Mental illness and addiction are often treated as separate issues. While they are different disorders, studies show that there is a clear connection between mental illness and substance abuse. Because the National Alliance on Mental Illness reports that “one in five American adults experiences some form of mental illness in any given year,” it’s important to better understand what factors may affect your mental health. So here’s everything you should know about the connection between mental illness and substance abuse.
Mental Illness and Addiction Are Co-Occurring Disorders
In a National Survey on Drug Use and Health, they found that 7.9 million people in the United States experienced a substance use disorder and mental illness at the same time. With a clear connection between these disorders, researchers find that either disorder can come first. Someone can start with a mental disorder and turn to addictive substances, or in some cases, someone may develop symptoms of mental illness after drug use.
People May Turn to Drugs to Self-Medicate
People may use drugs to temporarily relieve painful feelings and anxiety. Many depressed people smoke marijuana to boost their mood. An alcoholic may drink alcohol to reduce social anxiety. Some people take cocaine when they need more energy get through their day.
Unfortunately, alcohol and drugs do not cure underlying mental health issues. Alcohol and drugs will always create new problems and worsen the original mental health symptoms. Cocaine, opiates, and methamphetamine can cause seizures and psychotic behavior—negatively affecting the physical and mental health of the user. This tendency toward self medication is one reason why it’s important to raise awareness for mental health issues. By lessening the stigma against addiction and mental illness, people may be more likely to seek appropriate treatment.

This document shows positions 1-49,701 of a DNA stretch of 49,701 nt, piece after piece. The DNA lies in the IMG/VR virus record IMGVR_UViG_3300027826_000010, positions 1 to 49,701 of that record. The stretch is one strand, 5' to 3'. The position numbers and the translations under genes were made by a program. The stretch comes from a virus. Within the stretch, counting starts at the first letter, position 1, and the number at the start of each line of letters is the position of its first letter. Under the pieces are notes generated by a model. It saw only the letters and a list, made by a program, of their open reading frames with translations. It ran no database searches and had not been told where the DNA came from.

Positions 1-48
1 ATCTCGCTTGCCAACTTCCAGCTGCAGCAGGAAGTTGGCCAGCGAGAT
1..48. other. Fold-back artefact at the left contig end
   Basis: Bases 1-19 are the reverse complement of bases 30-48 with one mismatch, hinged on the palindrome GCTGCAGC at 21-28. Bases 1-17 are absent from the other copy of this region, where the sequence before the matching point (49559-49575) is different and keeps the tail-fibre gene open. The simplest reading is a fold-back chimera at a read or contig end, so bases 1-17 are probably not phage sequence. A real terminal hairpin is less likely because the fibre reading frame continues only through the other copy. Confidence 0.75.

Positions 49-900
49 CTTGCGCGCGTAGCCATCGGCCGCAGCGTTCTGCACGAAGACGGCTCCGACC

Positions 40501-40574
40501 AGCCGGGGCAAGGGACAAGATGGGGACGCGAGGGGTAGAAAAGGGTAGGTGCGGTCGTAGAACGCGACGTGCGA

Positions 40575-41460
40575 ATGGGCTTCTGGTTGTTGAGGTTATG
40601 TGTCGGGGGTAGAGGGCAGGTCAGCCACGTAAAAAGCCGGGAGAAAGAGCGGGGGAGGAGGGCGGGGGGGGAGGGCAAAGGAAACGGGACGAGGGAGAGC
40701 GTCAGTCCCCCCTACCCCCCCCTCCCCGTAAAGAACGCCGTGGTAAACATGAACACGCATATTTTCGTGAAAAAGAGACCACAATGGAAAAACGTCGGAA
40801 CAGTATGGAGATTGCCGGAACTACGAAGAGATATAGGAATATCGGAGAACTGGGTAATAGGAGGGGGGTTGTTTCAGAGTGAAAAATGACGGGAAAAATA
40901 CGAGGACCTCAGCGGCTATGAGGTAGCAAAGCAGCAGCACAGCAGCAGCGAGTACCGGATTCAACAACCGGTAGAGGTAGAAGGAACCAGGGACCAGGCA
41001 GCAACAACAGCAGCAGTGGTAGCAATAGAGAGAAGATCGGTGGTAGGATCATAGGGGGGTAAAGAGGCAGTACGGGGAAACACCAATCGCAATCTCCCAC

Dual Diagnosis Requires Comprehensive Treatment
Because you’re treating two disorders, it’s important to look for treatment centers that will address both addiction recovery and mental illness. For example, if you have a dual diagnosis of major depressive disorder and alcohol addiction, you will want to look for an alcohol rehab facility that offers psychiatric counselling and support. According to the Midwest Institute for Addiction, “improved status after treatment is more likely when clients have access to a range of mental health and medical services.” With a comprehensive treatment plan, those with co-occurring disorders have a much better chance of recovering from addiction and improving their health.
While there are several treatment options for substance abuse issues, prevention will always be the best option. If your mental health issues become overwhelming, look for ways to practice self-care and don’t hesitate to seek outside help. Work toward building a network of support and rely on others in your moments of struggle. And if you’re struggling with addiction, know that what you’re facing affects millions of people—and recovery is definitely possible.